Taking steps towards a cure for DMD
By LINDSAY LARIN
Bellevue Reporter Former Staff Writer
March 6, 2009 · Updated 10:35 AM
Taking a break from running the halls of Sammamish High School in a game of catch-me-if-you-can, five-year-old Aiden Leffler climbs on the lap of his new friend Darius Weems. The two would seem to have little in common. Weems grew up in Athens, Ga., carries a large bear-like frame, and has 14 years on young Aiden. Weems also spends his days in a wheelchair. However, the two share a bond many will never understand.
Both Weems and Aiden live with Duchenne Muscular Dystrophy (DMD), the number one fatal genetic disease to affect children in the world.
The two also share a positive outlook on life, evident in their bright smiles and contagious laughter.
This past week, Sammamish High School in Bellevue welcomed Darius Weems and his crew of friends and filmmakers to present their multi-award-winning documentary, Darius Goes West. The event marked the kick-off for the school's 4th annual Run/Walk for Aidan, a 5k run organized by students to raise funds for Charleys Fund, a nonprofit dedicated to finding a cure for DMD.
The 2009 Walk for Aiden event will take place on May 16.
Students at Sammamish High School quickly rallied behind their teacher, Mitch, and his family when they first learned of their son, Aiden's diagnosis four years ago.
Duchenne is a genetic disease which causes boys to gradually lose control of their muscles, eventually causing paralysis. Most boys who are diagnosed with DMD do not live past their early 20s. The Lefflers hope to find a cure in time.
Proceeds from the Walk for Aiden event also will benefit the Aidan Leffler Trust Fund, which has helped the Leffler family with the cost of medical treatments to allow Aidan to live the most comfortable life possible. In the future, the Trust Fund will help with the cost associated with possible house renovations to make it wheelchair accessible. If a cure is not found in the near future, Aiden like Weems, will require the use of a wheelchair as the disease progresses.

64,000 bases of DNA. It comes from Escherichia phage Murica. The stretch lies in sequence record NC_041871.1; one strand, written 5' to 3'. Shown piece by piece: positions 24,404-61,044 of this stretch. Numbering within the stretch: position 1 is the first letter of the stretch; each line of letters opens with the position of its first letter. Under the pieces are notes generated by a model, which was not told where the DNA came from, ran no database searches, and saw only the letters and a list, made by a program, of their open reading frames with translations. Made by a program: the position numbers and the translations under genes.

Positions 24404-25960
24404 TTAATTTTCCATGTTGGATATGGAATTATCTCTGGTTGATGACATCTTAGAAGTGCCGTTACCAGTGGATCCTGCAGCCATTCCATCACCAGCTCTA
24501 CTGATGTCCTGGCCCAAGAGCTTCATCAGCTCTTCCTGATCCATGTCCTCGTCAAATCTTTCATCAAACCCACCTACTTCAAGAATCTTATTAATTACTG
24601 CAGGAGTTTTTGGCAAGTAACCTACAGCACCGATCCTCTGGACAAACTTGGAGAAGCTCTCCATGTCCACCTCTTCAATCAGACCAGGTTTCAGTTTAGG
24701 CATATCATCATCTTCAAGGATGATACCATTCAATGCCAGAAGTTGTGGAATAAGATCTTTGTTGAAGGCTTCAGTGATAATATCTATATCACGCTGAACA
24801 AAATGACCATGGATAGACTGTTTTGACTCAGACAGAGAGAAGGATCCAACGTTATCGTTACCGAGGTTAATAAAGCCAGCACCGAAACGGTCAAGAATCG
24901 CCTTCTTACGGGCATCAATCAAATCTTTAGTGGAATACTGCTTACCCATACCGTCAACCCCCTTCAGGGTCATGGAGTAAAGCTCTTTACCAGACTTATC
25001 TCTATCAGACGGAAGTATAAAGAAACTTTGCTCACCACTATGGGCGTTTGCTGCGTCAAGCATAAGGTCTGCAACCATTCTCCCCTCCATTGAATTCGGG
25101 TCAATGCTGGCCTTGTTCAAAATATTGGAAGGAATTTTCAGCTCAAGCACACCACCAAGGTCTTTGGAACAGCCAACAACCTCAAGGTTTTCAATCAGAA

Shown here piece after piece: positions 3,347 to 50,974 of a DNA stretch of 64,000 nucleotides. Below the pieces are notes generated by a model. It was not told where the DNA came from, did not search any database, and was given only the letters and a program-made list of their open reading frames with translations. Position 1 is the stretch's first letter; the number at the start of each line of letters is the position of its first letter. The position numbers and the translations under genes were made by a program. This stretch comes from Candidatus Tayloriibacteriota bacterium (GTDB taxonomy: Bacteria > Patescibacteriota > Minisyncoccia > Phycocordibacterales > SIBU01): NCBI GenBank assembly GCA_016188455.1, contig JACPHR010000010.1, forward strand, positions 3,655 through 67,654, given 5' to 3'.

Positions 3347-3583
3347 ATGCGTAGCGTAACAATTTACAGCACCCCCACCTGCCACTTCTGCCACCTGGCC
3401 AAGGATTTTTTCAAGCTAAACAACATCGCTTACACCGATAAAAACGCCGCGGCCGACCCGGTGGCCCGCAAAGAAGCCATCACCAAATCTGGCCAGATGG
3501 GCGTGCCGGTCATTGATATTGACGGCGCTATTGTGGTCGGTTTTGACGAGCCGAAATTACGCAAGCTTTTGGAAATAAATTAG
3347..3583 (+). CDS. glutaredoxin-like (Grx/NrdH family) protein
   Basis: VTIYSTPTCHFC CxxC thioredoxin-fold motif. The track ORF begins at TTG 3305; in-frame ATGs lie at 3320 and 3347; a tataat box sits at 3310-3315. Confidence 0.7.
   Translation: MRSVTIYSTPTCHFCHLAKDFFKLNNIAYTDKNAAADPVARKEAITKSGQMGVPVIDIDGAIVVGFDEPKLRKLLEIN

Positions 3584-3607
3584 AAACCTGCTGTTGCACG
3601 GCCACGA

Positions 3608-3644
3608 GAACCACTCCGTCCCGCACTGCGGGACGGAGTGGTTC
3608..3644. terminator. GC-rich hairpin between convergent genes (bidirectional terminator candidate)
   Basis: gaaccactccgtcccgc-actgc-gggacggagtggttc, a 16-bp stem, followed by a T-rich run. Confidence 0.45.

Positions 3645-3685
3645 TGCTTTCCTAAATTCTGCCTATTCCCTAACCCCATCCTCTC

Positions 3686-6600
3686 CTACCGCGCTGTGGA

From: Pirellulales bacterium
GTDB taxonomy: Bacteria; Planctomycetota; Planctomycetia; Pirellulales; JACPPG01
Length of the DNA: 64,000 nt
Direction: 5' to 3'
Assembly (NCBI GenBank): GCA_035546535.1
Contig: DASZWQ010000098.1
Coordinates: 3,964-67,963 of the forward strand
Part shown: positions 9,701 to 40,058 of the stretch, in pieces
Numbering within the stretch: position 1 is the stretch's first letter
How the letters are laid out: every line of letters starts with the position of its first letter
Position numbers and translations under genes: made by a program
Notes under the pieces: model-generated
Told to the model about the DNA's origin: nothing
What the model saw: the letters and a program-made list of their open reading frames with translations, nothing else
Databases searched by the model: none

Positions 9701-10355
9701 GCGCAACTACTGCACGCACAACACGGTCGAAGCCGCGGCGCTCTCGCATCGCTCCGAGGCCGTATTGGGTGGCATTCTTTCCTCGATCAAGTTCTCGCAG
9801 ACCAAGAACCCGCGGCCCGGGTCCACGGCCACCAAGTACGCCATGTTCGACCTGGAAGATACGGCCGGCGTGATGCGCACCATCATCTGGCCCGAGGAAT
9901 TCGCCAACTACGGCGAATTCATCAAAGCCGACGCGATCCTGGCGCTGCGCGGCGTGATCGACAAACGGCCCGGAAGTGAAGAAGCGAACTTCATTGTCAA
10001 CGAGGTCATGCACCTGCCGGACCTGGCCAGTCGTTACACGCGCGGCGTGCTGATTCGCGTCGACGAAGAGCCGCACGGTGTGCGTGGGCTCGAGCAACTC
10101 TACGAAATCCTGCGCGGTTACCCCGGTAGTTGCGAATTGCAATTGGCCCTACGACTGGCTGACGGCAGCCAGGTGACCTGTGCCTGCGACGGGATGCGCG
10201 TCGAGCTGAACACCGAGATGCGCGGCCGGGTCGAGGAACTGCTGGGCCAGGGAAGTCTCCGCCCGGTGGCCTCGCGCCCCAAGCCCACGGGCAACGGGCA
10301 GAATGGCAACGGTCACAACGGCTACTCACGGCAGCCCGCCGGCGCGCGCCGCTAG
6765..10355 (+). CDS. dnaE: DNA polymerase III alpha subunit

Four years ago, 15-year-old Weems and 11 of his best friends set off across America with the ultimate goal of getting his wheelchair customized on MTV’s Pimp My Ride. The result was a documentary film, capturing the hilarious, yet real moments that made up their journey across the country.
Weems and his friends initially hoped to raise $70,000 for DMD research. To date, Darius Goes West has raised $1.5 million for Duchenne research.
This year, the foundation launched the “One Year … One Million DVDs” campaign, devoting $17 of every DVD sale to promising DMD research. Weems and his friends have set out once again to travel the country and share their story in schools, businesses and with local communities. At age 19, the same age that his older brother, Mario, died of DMD, Weems has decided to focus on the celebration of his life and spreading awareness about DMD in honor of his brother.
To launch this year's Walk for Aiden, Sammamish High School students watched a screening of Darius Goes West followed by a question and answer period with Weems and the film crew. Black and white shirts filled the theater audience as student volunteers proudly wore their Darius Goes West T-shirts hoping to get the word out about the disease and the upcoming Walk for Aiden.
Last year, more than 1,500 people turned out for the Walk for Aidan event and raised more than $40,000.
Lindsay Larin can be reached at 425.453.4602.
For more information visit www.dariusgoeswest.org. Donations can be made at www.charleysfund.org to help find a cure for DMD.